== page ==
About 4 people showed up for this meeting.
1. Mac user interface gripes. Oh, how I wish Patrick, our resident mac nerd, was here. Dave and Bob complained as how the mouse acceleration does not work right. Dave said that Macs work great in the single screen user mode. But for the multi-screen-users, the Mac does not satisfy. Accordingly he said that Apple’s answer to the display is to make it larger and larger. Dave also mentioned that is really hard to target stuff with a mouse on a mac. Others chimed in about the button.
2. Ubuntu upgrades.
Dave mentioned that he finally upgraded his Ubuntu box to find everything broken after the upgrade. For example, he said the OS would only detect one of his CPUs. His video card was not working. X was crashing. Screens were locking-up. His desktop environment for the multi-screens has is quirky. Each screen now has different menus. Additionally, accelerated GLX graphics broke. He reported that he fixed all the problems besides the last two display issues.
3. Tablet reviews
Bob said all the tablets that came and were demonstrated to him were hard to use. Bob said he asked the sales people to do their presentation on the tablet pc. None of the sales people could, which makes you thing do you really you want to get a tablet if the sales guys can’t do their sales presentation on it ?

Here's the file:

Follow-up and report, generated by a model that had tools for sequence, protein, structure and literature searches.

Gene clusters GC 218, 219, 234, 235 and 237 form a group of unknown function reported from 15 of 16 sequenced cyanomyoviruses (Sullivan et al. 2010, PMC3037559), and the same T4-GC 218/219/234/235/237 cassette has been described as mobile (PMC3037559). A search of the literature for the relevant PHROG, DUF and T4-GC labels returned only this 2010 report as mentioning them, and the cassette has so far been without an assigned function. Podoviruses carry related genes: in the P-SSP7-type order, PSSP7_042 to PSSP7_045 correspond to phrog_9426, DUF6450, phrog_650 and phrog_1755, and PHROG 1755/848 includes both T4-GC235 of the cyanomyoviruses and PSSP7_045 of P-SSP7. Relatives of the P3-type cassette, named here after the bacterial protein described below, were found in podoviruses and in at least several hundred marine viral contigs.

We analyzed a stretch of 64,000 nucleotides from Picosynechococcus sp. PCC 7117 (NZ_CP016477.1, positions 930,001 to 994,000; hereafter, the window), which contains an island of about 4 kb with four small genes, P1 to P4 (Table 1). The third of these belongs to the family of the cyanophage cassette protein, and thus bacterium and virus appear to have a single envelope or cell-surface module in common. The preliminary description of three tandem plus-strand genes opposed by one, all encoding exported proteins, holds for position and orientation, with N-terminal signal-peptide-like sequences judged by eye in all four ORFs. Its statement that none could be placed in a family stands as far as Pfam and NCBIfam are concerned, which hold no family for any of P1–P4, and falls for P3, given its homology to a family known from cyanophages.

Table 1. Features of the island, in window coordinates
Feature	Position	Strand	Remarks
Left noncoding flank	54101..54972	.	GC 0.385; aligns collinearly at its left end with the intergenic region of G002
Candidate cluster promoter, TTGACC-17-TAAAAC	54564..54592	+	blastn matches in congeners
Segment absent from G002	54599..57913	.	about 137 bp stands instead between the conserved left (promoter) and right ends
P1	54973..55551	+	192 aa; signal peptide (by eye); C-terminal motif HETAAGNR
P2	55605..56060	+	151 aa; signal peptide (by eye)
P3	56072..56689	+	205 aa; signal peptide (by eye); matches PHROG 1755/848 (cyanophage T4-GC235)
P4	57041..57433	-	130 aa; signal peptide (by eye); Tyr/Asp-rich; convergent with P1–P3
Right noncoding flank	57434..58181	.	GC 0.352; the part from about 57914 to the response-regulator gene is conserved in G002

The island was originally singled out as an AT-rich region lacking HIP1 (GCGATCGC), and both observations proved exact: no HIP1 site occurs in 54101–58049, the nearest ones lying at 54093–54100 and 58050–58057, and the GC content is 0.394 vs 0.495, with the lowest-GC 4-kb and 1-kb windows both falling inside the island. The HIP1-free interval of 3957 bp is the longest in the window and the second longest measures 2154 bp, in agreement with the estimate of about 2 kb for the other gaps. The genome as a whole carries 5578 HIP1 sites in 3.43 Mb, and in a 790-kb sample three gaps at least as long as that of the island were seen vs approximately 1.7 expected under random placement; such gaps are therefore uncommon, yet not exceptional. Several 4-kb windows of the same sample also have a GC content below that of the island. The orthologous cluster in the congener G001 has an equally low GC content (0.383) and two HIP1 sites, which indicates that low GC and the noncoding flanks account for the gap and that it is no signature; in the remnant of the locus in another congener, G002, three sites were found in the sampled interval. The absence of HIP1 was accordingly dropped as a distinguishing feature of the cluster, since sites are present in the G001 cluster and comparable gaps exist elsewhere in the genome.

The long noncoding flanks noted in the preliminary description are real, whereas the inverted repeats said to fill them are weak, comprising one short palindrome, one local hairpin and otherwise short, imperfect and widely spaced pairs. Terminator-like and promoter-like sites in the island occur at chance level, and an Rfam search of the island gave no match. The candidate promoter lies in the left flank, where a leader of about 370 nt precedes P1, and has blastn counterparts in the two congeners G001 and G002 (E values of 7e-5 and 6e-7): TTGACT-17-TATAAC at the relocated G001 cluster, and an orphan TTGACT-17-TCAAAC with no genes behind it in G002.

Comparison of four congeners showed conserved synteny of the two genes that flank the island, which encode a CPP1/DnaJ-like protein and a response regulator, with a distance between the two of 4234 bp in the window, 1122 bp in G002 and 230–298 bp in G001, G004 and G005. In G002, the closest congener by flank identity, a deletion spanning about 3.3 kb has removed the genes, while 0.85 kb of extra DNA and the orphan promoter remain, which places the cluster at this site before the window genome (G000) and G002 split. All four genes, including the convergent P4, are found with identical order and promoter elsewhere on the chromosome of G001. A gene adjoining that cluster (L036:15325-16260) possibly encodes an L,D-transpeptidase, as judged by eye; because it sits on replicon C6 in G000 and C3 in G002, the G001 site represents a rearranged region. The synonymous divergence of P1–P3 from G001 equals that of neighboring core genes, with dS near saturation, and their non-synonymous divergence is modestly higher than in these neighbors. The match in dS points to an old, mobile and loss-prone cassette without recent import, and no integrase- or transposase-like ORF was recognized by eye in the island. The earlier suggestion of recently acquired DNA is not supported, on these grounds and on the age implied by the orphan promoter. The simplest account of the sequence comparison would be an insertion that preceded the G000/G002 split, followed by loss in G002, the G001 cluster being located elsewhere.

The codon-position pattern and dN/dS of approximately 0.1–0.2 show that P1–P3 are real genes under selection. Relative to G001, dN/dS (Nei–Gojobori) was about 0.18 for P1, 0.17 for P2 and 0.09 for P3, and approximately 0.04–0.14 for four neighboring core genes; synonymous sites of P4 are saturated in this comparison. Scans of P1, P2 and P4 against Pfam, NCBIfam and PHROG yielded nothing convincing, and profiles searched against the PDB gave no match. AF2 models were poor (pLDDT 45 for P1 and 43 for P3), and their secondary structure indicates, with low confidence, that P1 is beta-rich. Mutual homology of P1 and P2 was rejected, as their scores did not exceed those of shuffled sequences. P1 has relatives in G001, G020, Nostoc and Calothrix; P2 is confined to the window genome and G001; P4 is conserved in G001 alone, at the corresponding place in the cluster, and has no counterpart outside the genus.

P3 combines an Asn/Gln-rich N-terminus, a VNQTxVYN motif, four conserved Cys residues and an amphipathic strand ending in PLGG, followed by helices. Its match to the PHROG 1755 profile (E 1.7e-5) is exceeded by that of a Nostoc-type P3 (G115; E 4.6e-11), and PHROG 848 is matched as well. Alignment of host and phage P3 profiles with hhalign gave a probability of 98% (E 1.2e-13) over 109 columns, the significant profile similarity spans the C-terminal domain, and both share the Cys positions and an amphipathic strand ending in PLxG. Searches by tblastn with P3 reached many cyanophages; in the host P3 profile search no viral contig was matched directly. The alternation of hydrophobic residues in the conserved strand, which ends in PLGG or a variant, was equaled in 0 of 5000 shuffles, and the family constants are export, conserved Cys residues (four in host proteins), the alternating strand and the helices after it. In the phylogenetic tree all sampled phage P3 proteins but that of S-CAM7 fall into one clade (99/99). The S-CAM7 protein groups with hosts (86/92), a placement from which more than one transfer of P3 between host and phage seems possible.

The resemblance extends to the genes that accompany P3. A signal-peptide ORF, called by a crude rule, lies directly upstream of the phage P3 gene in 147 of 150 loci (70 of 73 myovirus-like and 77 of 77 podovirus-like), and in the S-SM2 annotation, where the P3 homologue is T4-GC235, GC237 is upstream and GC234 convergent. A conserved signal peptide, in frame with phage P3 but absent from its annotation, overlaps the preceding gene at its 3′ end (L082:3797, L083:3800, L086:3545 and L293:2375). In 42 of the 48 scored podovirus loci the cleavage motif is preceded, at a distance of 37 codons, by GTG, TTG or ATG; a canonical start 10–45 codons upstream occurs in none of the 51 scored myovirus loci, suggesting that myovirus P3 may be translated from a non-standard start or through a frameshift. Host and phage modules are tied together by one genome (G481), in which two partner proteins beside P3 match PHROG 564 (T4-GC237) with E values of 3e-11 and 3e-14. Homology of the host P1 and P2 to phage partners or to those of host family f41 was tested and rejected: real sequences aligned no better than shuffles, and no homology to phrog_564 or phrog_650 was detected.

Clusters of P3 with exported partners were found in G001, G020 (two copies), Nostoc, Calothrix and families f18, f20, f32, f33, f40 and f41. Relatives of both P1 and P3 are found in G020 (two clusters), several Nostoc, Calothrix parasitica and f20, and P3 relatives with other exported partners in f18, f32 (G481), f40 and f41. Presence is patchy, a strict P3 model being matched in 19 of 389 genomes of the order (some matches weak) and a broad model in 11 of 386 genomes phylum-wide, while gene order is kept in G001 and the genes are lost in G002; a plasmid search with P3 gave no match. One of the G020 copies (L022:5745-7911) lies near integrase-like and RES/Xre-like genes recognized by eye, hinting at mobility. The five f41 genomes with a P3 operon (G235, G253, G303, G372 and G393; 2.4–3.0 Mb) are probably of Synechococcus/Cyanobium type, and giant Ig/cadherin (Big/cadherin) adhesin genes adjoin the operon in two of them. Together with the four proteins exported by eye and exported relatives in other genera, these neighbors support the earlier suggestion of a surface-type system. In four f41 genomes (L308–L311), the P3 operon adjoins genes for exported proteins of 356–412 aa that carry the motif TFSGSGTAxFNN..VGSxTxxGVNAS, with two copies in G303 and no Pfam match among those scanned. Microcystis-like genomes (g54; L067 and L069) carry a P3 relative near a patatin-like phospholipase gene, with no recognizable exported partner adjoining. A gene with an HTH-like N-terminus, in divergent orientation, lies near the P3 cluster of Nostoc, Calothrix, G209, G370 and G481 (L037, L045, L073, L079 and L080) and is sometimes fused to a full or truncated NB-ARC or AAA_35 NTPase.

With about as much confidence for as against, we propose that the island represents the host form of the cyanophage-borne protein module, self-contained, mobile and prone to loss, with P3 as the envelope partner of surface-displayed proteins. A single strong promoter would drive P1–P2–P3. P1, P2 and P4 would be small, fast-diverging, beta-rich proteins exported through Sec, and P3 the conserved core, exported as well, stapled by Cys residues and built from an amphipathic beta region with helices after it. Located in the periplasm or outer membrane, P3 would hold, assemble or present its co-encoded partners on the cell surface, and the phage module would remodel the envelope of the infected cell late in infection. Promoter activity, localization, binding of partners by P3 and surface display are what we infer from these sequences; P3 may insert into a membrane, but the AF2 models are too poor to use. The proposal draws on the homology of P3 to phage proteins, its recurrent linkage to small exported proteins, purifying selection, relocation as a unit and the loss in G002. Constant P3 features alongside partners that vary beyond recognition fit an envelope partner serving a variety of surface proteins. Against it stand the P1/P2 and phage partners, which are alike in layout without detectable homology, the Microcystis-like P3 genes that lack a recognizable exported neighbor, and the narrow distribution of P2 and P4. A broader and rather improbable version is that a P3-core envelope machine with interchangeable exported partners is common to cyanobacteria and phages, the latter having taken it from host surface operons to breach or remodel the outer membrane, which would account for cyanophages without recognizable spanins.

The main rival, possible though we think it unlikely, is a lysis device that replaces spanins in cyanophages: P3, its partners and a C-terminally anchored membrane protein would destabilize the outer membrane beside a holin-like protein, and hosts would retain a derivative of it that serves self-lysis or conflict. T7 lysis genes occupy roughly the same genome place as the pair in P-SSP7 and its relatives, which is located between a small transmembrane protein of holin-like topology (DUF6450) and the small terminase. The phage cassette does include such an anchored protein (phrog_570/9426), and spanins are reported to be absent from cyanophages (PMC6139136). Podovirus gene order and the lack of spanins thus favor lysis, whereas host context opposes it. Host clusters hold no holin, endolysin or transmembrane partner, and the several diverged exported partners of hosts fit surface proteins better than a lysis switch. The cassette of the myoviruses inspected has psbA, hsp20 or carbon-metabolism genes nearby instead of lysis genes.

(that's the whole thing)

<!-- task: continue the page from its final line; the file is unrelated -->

4. Informix and database Acid Compliance.
Bob and I talked about Informix and ACID compliance in databases. ACID compliance. I said that Informix is ACID compliance while mysql, his only database, is not by default. More specifically, mysql normally uses InnoBASE mode for speed. While databases like Postgresql use an ACID compliance standard. Postfix uses Postgres Storage System, which is much slower. So, with MYSQL. you get speed with a risk. Although I do not run Postgresql, I have always wanted to as replacement of the MYSQL uses. More information on the comparison between Postgresql an opensource ACID compliant database and mysql can be found here.
5. Gnome desktop seems to have made the blinking cursor non-configurable.
Dave said it now an all or nothing configuration parameter that is changed in the keyboard config area.
But, gnome took it out of their configuration area. For more information on it, read this. Now, according to Dave, if you turn off the blinking cursor, you break some applications that require it. In the past, you were able to configure the speed and a number of other options in various gnome-applications. Now the configuration item is a troublesome. Dave mentioned there is much flame on the forums and lists in regards to this blinking issue.